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What To Look For In Window Films

As a professional window tinter I see many people make bad choices when it comes to choosing the appropriate film for their particular window tinting application, and in this blog Im providing the top tips people should consider to ensure they get the best bang for their buck with window tinting .

The first and undoubtedly the most important thing you need to understand about window film is the difference between good quality window film and bad film. Here's why:

Premium window film will last for the lifetime of your windows whereas poor quality window film will barely last up to three years, depending on the rigours of your environment.

The only way for a non-professional person to discern between good and poor quality film is price and guarantee. When talking to a supplier, ask how long the film is guaranteed for. If it's less than 12 years save yourself the pain. And also look out for the shady operator who offers you a guarantee on cheap film and hikes the price, to make it seem like it's good film, but will either not be around, or simply do nothing if you get back to them because your tint has degraded.

Here's the tip, (and by the way I've found this to be true with most things in life), if your only goal in getting quotes is looking for the cheapest possible price, then you will naturally find yourself with the poor product and the real price you pay will be in 2-3 years when your windows start to blister, fade and/or peel and look awful. Be warned, the cheapest price is usually just crap!

BENEFITS OF INSTALLING WINDOW TINT

There are many and varied benefits you can get from window tinting, and each particular film you use will bring together some of these advantages, so the first thing you need to identify is the most important reason for applying window tint in your circumstances. Lets look at each benefit in a tad more detail so you can better figure out the most suitable solution for your particular application.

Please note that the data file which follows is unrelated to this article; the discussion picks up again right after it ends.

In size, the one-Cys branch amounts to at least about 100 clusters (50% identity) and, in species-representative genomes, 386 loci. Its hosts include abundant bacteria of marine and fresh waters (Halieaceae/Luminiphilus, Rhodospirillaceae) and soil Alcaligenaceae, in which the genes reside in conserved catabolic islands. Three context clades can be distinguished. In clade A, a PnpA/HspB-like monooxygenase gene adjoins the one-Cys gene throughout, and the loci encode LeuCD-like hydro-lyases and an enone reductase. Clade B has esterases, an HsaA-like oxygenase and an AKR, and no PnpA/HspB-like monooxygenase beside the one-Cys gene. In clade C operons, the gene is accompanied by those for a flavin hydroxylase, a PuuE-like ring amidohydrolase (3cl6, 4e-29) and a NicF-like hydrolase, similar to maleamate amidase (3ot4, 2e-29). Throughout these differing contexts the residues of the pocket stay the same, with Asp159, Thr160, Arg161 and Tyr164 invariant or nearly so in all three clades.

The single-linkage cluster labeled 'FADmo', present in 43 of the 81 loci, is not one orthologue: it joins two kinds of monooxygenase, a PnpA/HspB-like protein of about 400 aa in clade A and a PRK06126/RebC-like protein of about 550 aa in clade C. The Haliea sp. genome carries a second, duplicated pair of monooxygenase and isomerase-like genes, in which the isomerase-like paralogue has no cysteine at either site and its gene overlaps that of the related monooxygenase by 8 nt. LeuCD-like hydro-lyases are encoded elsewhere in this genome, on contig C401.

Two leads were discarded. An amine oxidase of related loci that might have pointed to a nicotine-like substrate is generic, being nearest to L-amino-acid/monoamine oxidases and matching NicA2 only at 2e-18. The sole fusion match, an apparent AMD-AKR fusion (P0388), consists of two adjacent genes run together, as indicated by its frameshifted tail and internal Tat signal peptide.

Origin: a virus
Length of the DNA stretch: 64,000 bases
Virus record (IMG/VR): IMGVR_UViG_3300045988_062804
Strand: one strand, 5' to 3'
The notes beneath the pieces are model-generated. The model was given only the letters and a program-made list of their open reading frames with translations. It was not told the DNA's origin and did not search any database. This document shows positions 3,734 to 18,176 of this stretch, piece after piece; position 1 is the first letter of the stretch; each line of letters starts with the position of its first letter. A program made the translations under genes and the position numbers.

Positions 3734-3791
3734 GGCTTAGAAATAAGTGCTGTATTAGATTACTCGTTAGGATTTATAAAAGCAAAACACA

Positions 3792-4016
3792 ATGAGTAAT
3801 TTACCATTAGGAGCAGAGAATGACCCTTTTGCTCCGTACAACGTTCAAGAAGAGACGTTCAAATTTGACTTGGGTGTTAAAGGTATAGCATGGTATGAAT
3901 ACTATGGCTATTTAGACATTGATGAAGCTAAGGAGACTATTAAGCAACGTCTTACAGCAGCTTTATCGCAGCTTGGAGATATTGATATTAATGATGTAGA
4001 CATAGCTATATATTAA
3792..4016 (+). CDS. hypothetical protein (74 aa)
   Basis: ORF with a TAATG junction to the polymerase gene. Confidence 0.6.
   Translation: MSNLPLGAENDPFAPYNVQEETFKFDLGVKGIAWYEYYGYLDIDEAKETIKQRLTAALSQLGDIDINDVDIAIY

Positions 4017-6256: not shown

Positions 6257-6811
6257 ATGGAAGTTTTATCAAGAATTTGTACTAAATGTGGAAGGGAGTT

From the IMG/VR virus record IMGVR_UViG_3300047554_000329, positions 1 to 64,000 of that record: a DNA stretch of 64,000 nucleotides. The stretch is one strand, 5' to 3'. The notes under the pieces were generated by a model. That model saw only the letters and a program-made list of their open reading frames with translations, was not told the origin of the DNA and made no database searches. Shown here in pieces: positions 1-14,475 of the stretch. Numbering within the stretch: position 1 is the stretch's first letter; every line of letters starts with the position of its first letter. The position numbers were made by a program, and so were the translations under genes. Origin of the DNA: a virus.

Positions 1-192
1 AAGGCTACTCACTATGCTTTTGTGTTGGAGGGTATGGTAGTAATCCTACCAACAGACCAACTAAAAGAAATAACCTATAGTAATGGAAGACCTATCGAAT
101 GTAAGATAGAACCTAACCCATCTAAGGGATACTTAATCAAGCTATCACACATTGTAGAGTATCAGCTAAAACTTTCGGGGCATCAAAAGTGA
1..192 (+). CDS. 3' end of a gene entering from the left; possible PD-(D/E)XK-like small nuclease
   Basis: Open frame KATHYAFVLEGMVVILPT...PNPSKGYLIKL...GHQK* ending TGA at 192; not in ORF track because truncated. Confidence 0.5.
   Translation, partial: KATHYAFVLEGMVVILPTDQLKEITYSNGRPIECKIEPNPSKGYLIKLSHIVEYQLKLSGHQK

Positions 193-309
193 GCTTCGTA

Heat Rejection: Good quality window film rejects heat by blocking as much as 73% of infra-red radiation through windows. That's cool!

UV Blocking: Good quality window film eradicates up to 99% of IR radiation from penetrating your windows. And as a bonus, it also prevents 93% of glare, which does wonders for your view and means things look really cool!

Privacy: The right film will also provide daytime privacy, allowing everyone inside to be cooler, enjoy the views, and at the same time have total privacy from prying eyes during the day.

Impact Safety and Security Films: These specially designed films stop glass from shattering on impact. Safety films are designed to withstand the force of human impact, while security films can withstand a bomb blast without shattering. Since the collateral damage from accidents where windows are broken comes from shards of glass spraying like shrapnel, or large sections of glass dropping like a guillotine, the major risks around safety are prevented. It also stops your windows from being a soft and easy entry point for criminals, because both the impact and noise required to gain entry is so noticeable burglars would rather simply move on in search of an easier, 'softer' target.